“What inspired me to create the body of work I’m making now — and what I’ve devoted my career to — is wanting to live in a better society, better community, and better world,” Osei said. She finds that art is an exciting platform because it allows different perspectives, encourages critical thinking, and challenges long-held ideas. “One of the things I care about is how to foster unity. How do you start to shift and change hearts, accept others and welcome different ways of seeing the world than you’ve come to know?”
Osei calls herself an “outdoor artist” because she believes there is a unique energy in a public space. “I get a lot of fulfillment with how people interact with my work,” she said. “There are conversations and inspirational nuggets I attain when making work in public spaces — whether it’s interacting with a four-year-old, or a couple in a garden … those authentic interactions are so raw and rare. You can’t get those kinds of interactions anywhere else.”
She has a number of upcoming projects, including traveling to Seychelles in East Africa to explore its strategic location and colonial history. Osei also opened two exhibitions this spring: an exhibition at Lambert International Airport called Here to Stay, which celebrates Black women and their elegance and contributions to society; and a public installation titled “While You’re Still Here” on the Jefferson Avenue bridge located between Chouteau Avenue and Scott Avenue as part of Counterpublic, a triennial civic exhibition. “There are a lot of projects that I’m very proud of because of how they fostered interracial and intergenerational conversations,” Osei said. “I’m yearning to grow and be all that I can and give all that I can. I think my proudest moment is yet to come.”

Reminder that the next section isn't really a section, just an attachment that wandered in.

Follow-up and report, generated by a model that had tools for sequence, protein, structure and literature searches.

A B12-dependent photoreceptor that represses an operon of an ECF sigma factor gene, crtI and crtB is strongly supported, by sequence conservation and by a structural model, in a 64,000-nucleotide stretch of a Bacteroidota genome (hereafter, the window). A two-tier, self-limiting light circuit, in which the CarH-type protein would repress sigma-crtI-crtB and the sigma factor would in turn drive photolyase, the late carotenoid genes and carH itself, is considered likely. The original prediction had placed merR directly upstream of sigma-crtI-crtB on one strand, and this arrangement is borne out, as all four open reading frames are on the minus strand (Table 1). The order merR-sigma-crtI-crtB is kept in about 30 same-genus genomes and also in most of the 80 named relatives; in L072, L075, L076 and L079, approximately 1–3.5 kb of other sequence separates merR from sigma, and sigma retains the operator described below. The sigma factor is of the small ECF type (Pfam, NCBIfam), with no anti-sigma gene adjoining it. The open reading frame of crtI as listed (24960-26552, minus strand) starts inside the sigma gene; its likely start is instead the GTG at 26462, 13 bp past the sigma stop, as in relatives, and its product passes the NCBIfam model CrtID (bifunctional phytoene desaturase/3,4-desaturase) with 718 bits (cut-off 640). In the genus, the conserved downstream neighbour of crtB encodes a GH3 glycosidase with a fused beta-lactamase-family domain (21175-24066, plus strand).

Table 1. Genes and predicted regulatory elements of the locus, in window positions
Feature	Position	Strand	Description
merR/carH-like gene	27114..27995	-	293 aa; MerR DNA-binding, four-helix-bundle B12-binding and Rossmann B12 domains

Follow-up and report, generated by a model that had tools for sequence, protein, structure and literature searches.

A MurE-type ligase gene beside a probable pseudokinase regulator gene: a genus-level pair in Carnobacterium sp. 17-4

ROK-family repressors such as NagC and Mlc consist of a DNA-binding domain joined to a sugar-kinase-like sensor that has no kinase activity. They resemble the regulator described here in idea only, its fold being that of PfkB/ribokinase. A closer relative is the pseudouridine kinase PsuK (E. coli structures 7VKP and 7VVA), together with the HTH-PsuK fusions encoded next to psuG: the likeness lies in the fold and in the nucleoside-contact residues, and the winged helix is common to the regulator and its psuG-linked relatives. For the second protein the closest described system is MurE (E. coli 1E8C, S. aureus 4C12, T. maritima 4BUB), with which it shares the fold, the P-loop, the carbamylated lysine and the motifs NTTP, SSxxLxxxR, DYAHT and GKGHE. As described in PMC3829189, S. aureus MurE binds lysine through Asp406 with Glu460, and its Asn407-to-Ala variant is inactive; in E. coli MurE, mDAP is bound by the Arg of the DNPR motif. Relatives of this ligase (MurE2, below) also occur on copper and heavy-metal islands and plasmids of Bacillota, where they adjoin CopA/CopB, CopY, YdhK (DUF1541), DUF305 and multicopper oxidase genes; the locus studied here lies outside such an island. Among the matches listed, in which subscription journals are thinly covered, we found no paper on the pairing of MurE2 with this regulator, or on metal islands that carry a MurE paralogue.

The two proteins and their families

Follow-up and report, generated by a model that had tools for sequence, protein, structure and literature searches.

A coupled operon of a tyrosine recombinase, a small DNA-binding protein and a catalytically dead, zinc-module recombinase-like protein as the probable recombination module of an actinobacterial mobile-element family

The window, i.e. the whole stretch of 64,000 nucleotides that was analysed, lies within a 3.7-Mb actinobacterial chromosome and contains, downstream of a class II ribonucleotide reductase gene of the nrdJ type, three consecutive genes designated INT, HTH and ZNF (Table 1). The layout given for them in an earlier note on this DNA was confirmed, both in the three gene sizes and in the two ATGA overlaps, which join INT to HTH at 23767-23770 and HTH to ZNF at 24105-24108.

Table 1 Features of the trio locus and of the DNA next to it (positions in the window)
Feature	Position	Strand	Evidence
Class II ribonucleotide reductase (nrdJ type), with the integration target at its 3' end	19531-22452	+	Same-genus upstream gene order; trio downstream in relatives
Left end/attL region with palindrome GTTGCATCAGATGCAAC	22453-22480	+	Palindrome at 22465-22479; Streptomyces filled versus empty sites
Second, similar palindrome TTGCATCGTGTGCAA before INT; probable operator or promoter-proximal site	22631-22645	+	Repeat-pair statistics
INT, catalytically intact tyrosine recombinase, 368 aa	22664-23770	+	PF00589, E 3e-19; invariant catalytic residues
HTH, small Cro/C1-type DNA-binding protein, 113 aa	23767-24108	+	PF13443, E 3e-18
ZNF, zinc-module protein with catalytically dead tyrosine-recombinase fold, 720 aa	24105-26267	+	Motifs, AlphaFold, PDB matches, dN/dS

The Bruised, The Burdened, The Laborer and The Naked
Pillar Two: Truth Through Her Eyes*, 2021
“The Regional,” Contemporary Arts Center, Cincinnati, Ohio
Photo - Wes Battoclette
Africa Clothe Me Bare, Bloomington, 2019
Photo – courtesy of the artist and Bruno David Gallery
Photo - courtesy of the artist and Bruno David Gallery
Great Rivers Biennial 2022, Contemporary Art Museum St. Louis
Photo - Dusty Kessler
Yvonne Osei is a Ghanaian multidisciplinary artist whose practice spans performance art, video, photography, textile design, garment construction, and site-specific installations. Her work addresses limitations and omissions in history, structural racism, the politics of clothing, and the residual implications of colonialism in postcolonial West Africa and Western cultures. Osei uses her voice to redefine and disrupt dominant narratives. Through her public interventions, she pushes against cultural amnesia and reimagines public space to include the perspectives of those who have been silenced.
Osei earned her master of fine arts from Washington University, where she was a Chancellor’s Graduate Fellow, Mr. and Mrs. Spencer T. Olin Fellow, and Danforth Scholar. She holds a master of science in fashion design and business from Lindenwood University and a bachelor of fine arts from Webster University. She is the recipient of the 2018 St. Louis Visionary for Emerging Artist, the 2018 Creative Stimulus Award, the 2019 Futures Fund Grant, the 2022 Stone & DeGuire Contemporary Art Award, and the 2022 Great Rivers Biennial Arts Award.
Osei has performed and exhibited nationally and internationally, including Everson Museum of Art (Syracuse), Contemporary Arts Center (Cincinnati), Kemper Museum of Contemporary Art (Kansas City), Laumeier Sculpture Park (St. Louis), Lambert International Airport (St. Louis), The Africa Center (Harlem), the Contemporary Art Museum in St. Louis, Ariana Park (Geneva, Switzerland), Asafo Market (Kumasi, Ghana), Padrão dos Descobrimentos (Lisbon, Portugal) and Bruno David Gallery (St. Louis) where she is represented. She serves as the Vice President for Surface Design Association, an international organization that champions textile and fiber arts.